First, there were Snapchat Stories. Those fun, whimsical little snapshots into our days broadcast for 24 hours on the (previously) hot social app.
Then, last August, Instagram introduced its own version of “Stories” to the world. And people flocked. According to Bloomberg, in the 25 weeks since launch, Instagram Stories has reached 150 million daily users. That’s the same number of users that Snapchat’s whole app reportedly hit around June 2016. Snapchat’s CEO recently said there’s been an average decline in Snapchat Stories views of 20 to 30 percent from August until mid-January. And anecdotally, I noticed a TON of my friends using Instagram Stories over the last few months.
Then, a couple weeks ago, Facebook introduced IT’S version of Stories. However, this version has been met with less than the expected enthusiasm from the Facebook brass. In fact, in case you haven’t noticed, Facebook is “ghosting” your friends to guilt them into using the new tool.
But, the bigger picture here is clear: “Stories” as a social device, is now everywhere.
And, while users have globbed onto the “Stories” feature in a big way–first on Snapchat, and now on Instagram–it appears we may be reaching a saturation point.
The initial Facebook results highlight just that. Very few people are using Stories on Facebook. And why would they? Most of the people who would actually use the “Stories” feature are already using it over on Snapchat and Instagram.
And that really shouldn’t be that surprising. Stories is a feature tailor-made to a younger audience. This is why it started on Snapchat. This is why it’s resonating on Instagram. Younger people are the ones who have time in their day and the propensity to capture all these “micro-moments” that make up their days.
The (trending) older crowd on Facebook has no such appetite. Those folks are lurkers. They’re information seekers. Not creators. Therefore, it’s really no surprise “Stories” isn’t taking off so far on Facebook. It’s the wrong place for the right tool.
What does all this mean for brands?
For most, I think the answer is pretty simple. If I were a social media manager, I’d be investing more time and money in Instagram Stories than anywhere else. It’s got a huge built-in audience. New ad products are most likely on the way. And, it continues to siphon users away from Snapchat, which had originally popularized the feature. I see a lot more opportunity with Instagram Stories.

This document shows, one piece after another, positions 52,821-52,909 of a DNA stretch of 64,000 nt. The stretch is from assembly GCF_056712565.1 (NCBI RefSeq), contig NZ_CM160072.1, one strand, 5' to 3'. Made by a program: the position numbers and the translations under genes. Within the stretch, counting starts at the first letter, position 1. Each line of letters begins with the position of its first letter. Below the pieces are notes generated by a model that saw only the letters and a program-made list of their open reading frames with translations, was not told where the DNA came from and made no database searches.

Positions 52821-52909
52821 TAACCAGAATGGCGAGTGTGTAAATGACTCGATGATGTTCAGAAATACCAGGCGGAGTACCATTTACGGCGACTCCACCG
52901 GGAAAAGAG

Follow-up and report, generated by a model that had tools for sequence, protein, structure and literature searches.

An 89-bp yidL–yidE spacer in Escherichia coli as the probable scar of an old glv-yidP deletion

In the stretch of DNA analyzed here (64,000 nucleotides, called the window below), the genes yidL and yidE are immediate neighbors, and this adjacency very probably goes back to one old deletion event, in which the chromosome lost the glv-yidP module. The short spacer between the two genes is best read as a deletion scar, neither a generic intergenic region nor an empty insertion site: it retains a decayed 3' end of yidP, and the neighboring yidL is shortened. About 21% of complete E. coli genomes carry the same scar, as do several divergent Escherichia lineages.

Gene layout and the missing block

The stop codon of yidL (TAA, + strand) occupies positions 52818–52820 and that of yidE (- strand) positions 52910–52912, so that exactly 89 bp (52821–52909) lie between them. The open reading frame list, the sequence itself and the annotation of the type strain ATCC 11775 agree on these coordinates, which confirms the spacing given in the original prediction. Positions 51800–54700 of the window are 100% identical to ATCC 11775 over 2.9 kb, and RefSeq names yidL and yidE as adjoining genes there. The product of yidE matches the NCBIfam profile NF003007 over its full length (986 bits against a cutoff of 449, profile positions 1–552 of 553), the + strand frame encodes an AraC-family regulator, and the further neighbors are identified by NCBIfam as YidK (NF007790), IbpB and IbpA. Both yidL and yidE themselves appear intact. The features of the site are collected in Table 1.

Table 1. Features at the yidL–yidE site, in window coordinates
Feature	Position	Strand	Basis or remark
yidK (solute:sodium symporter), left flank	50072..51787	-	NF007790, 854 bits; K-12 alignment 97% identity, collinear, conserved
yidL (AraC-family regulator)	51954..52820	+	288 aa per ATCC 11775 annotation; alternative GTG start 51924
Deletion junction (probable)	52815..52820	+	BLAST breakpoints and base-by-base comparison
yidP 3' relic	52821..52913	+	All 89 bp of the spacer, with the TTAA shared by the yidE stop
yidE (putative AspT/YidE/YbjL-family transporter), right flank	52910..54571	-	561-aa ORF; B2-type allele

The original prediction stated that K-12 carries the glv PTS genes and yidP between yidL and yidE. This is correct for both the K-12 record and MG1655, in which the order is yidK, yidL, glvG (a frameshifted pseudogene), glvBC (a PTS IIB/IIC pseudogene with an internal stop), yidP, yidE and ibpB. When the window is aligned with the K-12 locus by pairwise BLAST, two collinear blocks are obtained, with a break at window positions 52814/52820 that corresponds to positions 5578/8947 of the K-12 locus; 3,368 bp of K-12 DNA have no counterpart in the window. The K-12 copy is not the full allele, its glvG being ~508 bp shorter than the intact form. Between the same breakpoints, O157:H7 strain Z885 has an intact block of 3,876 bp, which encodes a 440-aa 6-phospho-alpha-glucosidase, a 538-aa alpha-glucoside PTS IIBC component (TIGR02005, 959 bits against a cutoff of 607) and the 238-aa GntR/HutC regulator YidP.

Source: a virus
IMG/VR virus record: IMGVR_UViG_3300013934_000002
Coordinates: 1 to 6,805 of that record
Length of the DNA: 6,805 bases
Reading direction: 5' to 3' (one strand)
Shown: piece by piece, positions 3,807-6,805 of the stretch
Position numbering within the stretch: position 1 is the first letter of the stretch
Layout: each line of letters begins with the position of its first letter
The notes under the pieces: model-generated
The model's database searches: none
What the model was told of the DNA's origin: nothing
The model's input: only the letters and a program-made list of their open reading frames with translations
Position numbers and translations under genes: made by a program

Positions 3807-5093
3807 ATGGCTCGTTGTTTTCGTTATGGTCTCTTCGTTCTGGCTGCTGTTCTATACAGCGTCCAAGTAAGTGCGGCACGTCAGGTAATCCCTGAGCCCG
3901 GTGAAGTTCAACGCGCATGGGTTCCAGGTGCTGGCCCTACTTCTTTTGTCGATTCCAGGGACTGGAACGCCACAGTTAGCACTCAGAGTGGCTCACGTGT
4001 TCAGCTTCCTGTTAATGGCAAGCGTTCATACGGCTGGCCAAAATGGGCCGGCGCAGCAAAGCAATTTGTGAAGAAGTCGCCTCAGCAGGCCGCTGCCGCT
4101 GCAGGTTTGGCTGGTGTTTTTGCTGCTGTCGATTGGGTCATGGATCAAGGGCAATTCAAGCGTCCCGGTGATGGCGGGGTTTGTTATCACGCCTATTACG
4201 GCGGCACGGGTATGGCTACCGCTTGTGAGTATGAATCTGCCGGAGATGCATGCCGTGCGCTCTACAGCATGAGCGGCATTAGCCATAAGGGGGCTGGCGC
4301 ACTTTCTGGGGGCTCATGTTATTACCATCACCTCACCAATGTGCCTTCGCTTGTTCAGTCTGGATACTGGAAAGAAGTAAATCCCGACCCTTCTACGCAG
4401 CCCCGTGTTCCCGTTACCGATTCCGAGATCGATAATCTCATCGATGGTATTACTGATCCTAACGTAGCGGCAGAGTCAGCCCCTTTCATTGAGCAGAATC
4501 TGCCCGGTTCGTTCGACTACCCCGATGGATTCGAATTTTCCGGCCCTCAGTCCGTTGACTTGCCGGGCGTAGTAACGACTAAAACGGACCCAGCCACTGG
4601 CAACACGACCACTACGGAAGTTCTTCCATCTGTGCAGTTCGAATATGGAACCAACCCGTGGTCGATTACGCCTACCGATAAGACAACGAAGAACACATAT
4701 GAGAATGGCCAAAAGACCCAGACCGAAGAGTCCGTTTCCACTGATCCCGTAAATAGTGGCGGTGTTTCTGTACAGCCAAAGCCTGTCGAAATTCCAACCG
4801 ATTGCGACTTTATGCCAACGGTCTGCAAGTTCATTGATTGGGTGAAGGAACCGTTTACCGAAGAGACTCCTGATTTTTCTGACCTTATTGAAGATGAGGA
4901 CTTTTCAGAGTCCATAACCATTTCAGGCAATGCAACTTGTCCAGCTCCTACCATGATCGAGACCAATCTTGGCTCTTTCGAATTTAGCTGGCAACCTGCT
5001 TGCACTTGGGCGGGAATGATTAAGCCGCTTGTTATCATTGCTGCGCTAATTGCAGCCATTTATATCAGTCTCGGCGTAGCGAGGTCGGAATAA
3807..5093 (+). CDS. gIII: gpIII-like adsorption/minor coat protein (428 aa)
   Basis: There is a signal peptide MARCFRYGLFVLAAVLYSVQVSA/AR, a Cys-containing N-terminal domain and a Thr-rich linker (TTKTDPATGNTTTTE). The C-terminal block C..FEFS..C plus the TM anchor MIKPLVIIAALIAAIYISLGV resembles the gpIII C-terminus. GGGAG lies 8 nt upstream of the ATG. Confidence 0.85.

But, we may be seeing a tipping point for Stories, overall. A few reasons why:
1–Market saturation. People can’t possibly create “Stories” on three different platforms. They’re going to have to pick one. And again, from where I sit, I think it’s going to be Instagram, for the reasons mentioned above.
2–Too narrow of a market. Again–who are the “Stories” power users? Young people. And, there are plenty of them. But, there’s also a big piece of the population that isn’t using “Stories” at all. As with much of social media right now, it’s all about targeting.
3–Social media overload. Anecdotally, I’ve heard from more than a few people lately that they’re on social media overload. They’ve had enough and they need a break. Some of that could be a product of the political environment. Some of that could be a product of the fact that we’re not 10+ years into this Facebook thing and people may just start to burn out. Time will tell, but I sense a little tipping point here, too.
Go ahead. Google the phrase “Social media training Minneapolis.”
What comes up?
A couple academic institutions attempting to pull it off.
A handful of agencies.
And an Eventbrite list.
In a nutshell, that describes my experience with social media training programs (or a lack thereof) in the Twin Cities.
Where are they? Why isn’t anyone doing this? Especially when there is a clear gap in the market?
Because, let’s be honest, there is a gap. When it comes to social media education, I see a clear gap in the following areas:
- Strategy–despite the fact that almost everyone that works in the social media realm lists this competency on their resume.
- Content development–see above.